The importance of K-W child care services
I often suspect that every university student, myself included, has thought fearfully about the unknowns associated with graduating, joining the real world, paying all the bills, starting a career and transitioning into a ‘real adult.’ Some young graduates face the prospect of starting careers and families, but how can they balance the two?
A lot of this is reliant on the Waterloo Region, who assists with administering child care services.
As a whole, it is important to first recognize the benefits of providing access to child care has to the individual, the community and the Region.
Access to good, affordable child care ensures that both parents can continue building their careers while raising children, thus ensuring a stronger local and national economy.
The Waterloo area must continue to develop affordable child care for the good of our students.
Recent graduates and young professionals may start to make a household income that would rank them among the middle classes, but large student debt loads and new child care costs may negate these financial advantages.
For lower and middle class families, the Region of Waterloo provides child care subsidies to help offset associated costs.
According to the Waterloo Region Record in 2015, there are over 3,100 subsidized child care spots and no waitlist for applying to receive a child care subsidy.
This is where the region does a good job.
Despite this, I think there are several areas that can be improved to the benefit of our students.
Getting access to a child care subsidy is wonderful; it eases the strain on parents and allows them the opportunity to place their children in a positive and enriching environment.
I think the best way to ensure this quality is to provide a significant number of government-run child care facilities in the Waterloo Region, which would ensure a high standard of care for children that cannot be guaranteed by unlicensed facilities.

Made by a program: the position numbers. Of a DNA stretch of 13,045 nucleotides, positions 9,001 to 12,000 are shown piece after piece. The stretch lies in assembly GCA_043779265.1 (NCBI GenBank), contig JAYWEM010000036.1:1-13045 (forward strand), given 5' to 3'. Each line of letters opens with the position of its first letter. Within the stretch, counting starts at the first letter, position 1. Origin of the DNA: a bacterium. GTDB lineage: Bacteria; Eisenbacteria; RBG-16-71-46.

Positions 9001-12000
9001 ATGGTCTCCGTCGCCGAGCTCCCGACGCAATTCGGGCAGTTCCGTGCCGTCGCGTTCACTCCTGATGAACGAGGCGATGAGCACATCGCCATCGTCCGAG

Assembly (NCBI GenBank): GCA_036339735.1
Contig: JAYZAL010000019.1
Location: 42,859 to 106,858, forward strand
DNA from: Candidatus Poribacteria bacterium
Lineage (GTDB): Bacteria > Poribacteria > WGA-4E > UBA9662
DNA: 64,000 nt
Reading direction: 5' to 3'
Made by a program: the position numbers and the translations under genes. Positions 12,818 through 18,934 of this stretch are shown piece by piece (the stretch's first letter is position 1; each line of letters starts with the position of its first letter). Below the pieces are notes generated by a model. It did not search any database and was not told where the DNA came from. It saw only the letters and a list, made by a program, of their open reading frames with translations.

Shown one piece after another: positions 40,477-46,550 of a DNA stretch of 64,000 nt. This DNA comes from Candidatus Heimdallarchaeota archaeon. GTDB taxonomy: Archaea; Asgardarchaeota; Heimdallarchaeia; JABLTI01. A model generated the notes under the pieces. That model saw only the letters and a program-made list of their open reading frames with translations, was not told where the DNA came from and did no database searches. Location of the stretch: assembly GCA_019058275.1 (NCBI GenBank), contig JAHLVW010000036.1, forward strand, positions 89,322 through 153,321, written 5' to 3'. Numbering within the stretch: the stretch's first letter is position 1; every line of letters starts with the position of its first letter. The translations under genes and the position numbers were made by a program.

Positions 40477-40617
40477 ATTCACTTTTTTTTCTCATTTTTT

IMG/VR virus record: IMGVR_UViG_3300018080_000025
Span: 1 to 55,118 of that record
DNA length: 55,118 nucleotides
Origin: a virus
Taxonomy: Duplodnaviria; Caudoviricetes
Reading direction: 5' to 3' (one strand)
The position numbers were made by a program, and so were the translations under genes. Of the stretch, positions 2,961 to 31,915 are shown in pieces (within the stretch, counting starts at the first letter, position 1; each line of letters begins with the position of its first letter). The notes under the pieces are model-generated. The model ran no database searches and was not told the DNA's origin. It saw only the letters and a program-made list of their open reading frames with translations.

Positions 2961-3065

Unfortunately, there is a current lack of child care spots available in these government run facilities. Not only this, but the 2015 article also showed that a review suggested closing 5 regional child care centres.
In order to ensure high quality child care positions, it is imperative that we advocate for the Waterloo Region to increase the number of available child care spots in government-run facilities, not close them.
Examining the accessibility of child care to students, I don’t have to look far. It should be noted that Laurier has a partnership to offer child care spots with a child care facility.
Student access to these services becomes problematic after the child is over five-years-old, but this case highlights an inherent barrier to child care.
Child care must be universally available for current students pursuing their university careers.
The five-year age limit for child care benefits can be particularly problematic for certain groups of students, such as mature or graduate students, thus imposing a potential barrier to achieving their university education.
There is also the barrier of limited opening hours present in both private and government-run facilities.
With the slow erosion of the traditional 9-5 work culture, especially for students that work evening or night shifts, it is imperative that child care facilities within the Waterloo Region adopt more flexible hours to better accommodate students and young professionals.
Overall, the Waterloo Region’s child care policy must find ways to continue to improve. They must strive to provide child care facilities at an affordable rate at flexible times.
While this may not affect the majority of Laurier undergraduate students, the future is never too far away.